MissAdventure Wed 05-Feb-20 16:29:19

I love a good Enid Blyton.
Naughty toys always get their comeuppance, learn their lesson, and mend their ways.

LullyDully Wed 05-Feb-20 16:33:00

I would stick to Julia Donaldson. Enid was all we had and enjoyed, but the choice now is so much better.

Having said that my GC enjoyed some recordings of Famous Five we listened to in the car.

Chestnut Wed 05-Feb-20 16:49:07

They always had such wonderful adventures in Enid Blyton books, the Faraway Tree, the Famous Five, the Adventure series, compensation for having no TV!!

DoraMarr Wed 05-Feb-20 17:01:40

I think children’s literature has gone a long way since Enid Blyton, and there are some wonderful books with beautiful illustrations. Julia Donaldson is good because, as well as being funny and entertaining, her stories are written in rhyme, which is an important skill in learning to read. The old favourites like Shirley Hughes, John Burningham, Ronald Dahl and Judith Kerr are lovely to aloud, and many have moral themes. Ask at your local library or have a browse through their books- I’m sure you will find find riches there.

Wheniwasyourage Wed 05-Feb-20 17:04:57

It seems to me that children are not as delicate as we think they are, and are unlikely to be upset at things like smacking in stories, particularly if you use it as an educational opportunity! As others have suggested, you can explain that some things happened in the past but shouldn't now.

I have at times threatened to put some of my DGC up the chimney to sweep it, and they have been well aware that it was a joke! Also that in the past children were sent up chimneys (but much bigger ones than mine).

MissAdventure Wed 05-Feb-20 17:07:18

It's fine to protect them whilst they're young, and once they're teens they'll be playing games like Mortal Combat and Modern Warfare on the Xbox. (Probably!)

Farmor15 Wed 05-Feb-20 17:10:17

I loved Enid Blyton as a child and tried a few out on my own children 30+ years ago. They didn’t really take to them- much preferred Ronald Dahl. I’d suggest scrap the book you bought and find something else. Unfortunately Enid Blyton books are not only dated but actually quite boring!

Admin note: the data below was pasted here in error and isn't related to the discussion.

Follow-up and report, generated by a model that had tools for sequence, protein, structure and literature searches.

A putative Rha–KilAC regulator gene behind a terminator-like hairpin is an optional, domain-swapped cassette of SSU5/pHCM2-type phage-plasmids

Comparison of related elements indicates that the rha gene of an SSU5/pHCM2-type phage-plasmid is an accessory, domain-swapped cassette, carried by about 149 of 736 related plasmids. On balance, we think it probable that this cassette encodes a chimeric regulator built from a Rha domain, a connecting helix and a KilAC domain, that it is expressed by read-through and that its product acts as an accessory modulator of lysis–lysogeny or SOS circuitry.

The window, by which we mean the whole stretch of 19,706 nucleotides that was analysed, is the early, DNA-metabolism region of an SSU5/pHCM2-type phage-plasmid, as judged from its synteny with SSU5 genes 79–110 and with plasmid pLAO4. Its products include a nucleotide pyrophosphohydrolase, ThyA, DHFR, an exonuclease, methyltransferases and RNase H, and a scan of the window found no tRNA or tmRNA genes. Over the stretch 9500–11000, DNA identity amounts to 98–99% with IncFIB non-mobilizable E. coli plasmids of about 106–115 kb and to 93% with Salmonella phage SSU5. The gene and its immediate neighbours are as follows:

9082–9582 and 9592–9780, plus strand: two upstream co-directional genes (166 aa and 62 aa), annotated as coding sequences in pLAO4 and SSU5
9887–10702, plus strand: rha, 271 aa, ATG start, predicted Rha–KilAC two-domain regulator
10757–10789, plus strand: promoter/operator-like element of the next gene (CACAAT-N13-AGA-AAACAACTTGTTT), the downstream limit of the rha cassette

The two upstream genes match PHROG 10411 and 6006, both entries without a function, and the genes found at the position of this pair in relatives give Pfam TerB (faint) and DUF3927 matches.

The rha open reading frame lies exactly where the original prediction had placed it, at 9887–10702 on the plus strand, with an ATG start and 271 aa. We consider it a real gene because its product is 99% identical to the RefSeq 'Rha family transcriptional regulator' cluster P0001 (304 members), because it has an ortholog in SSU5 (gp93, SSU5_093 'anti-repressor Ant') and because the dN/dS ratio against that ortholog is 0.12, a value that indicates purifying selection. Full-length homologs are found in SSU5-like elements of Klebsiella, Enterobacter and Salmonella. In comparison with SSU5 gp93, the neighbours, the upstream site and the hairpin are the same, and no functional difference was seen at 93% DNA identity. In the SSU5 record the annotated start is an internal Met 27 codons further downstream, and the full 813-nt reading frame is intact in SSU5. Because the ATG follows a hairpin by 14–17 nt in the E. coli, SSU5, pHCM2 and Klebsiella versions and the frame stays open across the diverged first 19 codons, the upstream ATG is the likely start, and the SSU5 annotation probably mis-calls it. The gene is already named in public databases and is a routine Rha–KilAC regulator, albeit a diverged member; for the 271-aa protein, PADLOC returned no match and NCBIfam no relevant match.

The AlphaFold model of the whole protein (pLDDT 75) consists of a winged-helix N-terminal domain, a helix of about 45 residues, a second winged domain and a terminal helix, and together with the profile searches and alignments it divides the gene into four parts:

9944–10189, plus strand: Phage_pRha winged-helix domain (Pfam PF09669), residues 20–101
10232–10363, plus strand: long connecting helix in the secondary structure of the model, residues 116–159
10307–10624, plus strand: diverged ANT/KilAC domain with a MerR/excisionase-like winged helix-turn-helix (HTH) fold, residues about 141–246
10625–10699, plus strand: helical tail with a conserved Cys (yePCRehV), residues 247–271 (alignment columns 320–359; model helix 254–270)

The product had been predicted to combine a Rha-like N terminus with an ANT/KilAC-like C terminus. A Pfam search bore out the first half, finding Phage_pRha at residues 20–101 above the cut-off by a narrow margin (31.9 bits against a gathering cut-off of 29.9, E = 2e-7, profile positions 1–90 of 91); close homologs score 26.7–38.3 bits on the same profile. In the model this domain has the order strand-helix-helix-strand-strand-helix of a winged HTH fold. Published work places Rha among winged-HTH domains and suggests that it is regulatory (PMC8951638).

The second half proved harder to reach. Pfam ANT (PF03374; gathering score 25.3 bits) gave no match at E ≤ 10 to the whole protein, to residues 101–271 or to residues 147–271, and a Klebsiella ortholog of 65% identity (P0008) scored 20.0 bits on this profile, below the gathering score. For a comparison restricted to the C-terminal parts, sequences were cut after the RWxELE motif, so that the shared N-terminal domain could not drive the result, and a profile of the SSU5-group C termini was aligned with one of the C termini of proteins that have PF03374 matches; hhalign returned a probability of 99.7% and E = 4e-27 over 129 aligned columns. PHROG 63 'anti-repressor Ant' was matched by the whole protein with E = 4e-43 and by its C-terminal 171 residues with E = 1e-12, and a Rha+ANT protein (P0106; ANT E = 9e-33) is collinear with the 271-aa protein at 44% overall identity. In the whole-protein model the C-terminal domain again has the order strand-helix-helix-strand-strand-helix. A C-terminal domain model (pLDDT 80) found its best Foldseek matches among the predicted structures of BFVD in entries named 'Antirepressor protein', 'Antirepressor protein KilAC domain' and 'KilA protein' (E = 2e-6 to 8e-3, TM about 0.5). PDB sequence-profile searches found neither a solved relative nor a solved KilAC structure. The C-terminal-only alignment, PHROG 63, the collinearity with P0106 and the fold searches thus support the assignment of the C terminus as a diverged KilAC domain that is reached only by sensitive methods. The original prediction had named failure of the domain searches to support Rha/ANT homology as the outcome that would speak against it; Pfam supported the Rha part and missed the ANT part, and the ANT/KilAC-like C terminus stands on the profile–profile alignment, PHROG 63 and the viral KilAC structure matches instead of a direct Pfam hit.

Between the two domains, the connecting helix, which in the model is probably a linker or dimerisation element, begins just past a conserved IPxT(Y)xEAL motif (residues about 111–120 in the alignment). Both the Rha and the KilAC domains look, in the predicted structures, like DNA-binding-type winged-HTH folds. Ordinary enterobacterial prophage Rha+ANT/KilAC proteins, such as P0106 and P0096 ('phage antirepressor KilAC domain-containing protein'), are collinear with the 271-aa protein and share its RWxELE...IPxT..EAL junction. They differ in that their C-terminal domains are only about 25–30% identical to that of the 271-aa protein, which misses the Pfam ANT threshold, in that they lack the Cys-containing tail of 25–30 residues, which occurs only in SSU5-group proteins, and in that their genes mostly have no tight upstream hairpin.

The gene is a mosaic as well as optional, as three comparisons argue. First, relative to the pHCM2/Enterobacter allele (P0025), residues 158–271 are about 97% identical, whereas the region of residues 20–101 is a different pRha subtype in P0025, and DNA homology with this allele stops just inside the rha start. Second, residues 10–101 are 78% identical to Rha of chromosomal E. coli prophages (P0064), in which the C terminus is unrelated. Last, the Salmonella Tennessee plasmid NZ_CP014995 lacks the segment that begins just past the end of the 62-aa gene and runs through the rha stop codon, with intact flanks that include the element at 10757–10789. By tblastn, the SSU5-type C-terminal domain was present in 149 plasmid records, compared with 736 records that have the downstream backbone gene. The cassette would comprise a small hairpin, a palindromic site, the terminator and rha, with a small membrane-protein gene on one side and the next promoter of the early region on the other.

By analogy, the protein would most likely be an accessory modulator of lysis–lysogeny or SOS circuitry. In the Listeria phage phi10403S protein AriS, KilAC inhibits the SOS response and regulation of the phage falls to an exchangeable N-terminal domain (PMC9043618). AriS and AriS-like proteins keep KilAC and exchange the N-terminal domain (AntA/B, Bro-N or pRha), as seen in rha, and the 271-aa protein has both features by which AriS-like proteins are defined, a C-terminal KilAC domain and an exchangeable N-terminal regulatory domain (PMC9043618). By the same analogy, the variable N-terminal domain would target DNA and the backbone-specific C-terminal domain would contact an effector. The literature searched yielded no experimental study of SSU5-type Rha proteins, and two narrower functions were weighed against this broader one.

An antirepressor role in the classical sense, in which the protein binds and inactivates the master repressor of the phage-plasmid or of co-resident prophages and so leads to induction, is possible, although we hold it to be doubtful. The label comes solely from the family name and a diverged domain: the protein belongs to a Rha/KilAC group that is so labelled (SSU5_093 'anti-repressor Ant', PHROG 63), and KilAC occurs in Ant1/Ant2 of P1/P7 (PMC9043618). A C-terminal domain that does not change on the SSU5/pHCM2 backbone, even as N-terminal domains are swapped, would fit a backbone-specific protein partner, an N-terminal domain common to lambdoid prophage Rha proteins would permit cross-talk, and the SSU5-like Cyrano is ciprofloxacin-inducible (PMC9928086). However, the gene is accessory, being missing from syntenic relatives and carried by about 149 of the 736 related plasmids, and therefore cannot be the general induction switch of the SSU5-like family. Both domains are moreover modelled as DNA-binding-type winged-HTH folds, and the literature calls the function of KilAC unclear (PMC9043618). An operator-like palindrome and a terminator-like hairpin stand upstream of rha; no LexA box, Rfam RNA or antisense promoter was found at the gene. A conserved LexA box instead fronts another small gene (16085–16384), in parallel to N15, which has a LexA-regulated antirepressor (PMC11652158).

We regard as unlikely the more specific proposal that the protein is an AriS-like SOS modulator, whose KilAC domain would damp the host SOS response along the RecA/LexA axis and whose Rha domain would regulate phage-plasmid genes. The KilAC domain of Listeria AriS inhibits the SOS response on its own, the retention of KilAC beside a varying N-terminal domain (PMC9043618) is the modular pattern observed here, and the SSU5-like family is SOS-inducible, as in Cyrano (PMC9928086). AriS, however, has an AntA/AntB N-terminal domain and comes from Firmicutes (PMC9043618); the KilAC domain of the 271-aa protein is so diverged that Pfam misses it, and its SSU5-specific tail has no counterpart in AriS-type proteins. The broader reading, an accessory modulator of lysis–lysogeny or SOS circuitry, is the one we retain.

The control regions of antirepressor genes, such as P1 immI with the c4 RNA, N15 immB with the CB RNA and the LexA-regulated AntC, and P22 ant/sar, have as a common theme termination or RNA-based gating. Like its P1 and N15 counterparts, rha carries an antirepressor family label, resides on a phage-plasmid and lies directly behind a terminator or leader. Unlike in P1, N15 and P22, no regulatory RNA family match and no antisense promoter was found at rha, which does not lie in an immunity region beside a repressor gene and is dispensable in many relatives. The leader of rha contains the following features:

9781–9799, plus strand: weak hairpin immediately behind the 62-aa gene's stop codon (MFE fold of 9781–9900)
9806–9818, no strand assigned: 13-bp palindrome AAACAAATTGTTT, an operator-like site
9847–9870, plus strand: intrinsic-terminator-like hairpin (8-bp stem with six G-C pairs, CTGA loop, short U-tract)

Lolo81 Wed 05-Feb-20 17:26:01

I agree with many of the posters here that unfortunately Blyton is very dated. The youngsters in my own extended family all loved Roald Dahl and I’m not sure on the age recommendation, but David Williams books have all been devoured and read over and over (especially by the boys).

Purpledaffodil Wed 05-Feb-20 17:26:21

When I trained 50 years ago, E B was very unpopular. Partly because they are formulaic and badly written and partly because she wrote so many, over 200 I believe, that a child could spend their childhood never reading anything else. There are so many better books around which don’t have to be a celeb’s latest offering.
Personally I wouldn’t worry too much about the corporal punishment aspect. When I taught the Victorians in Year 2, children found the idea of being caned at school absolutely hilarious. It is so outside their experience. Thank goodness.

Sara65 Wed 05-Feb-20 17:44:53

My grandchildren are great readers, they have very diverse tastes, read lots of excellent new modern literature. But they also love a good Enid Blyton.

My youngest daughter absolutely loved The Famous Five, and I longed to go to Mallory Towers.

They’re just stories, Enid Blyton gets a bad press these days, but millions of children can’t be wrong!

GrannyLaine Wed 05-Feb-20 17:52:01

Tend to agree with comments above: I quite liked Enid Blyton as a child but there are much better and more relevant books to choose from. Roald Dahl, Shirley Hughes, Julia Donaldson are all on my shelves.

Mommawolf Wed 05-Feb-20 18:01:43

If you are reading to the child try The wind in the willows my children and grand children loved it especially naughty toad old fashioned yes but timeless.

Eglantine21 Wed 05-Feb-20 18:07:56

Even more horrific things happen in Ronald Dahl than in Enid Blyton😱😬

Eglantine21 Wed 05-Feb-20 18:08:37

That’s why children like them.....

Hetty58 Wed 05-Feb-20 18:21:07

I remember removing Enid Blyton books from the library (where I worked) shelves about 50 years ago. It was decided that the content was not suitable - even back then - so NO, don't use them!

Greymar Wed 05-Feb-20 19:04:38

Oh Miss A. Naughty toys. Sorry wrong thread.

MissAdventure Wed 05-Feb-20 19:08:01

smile nothing wrong with being naughty, sometimes.
So I've heard, anyway.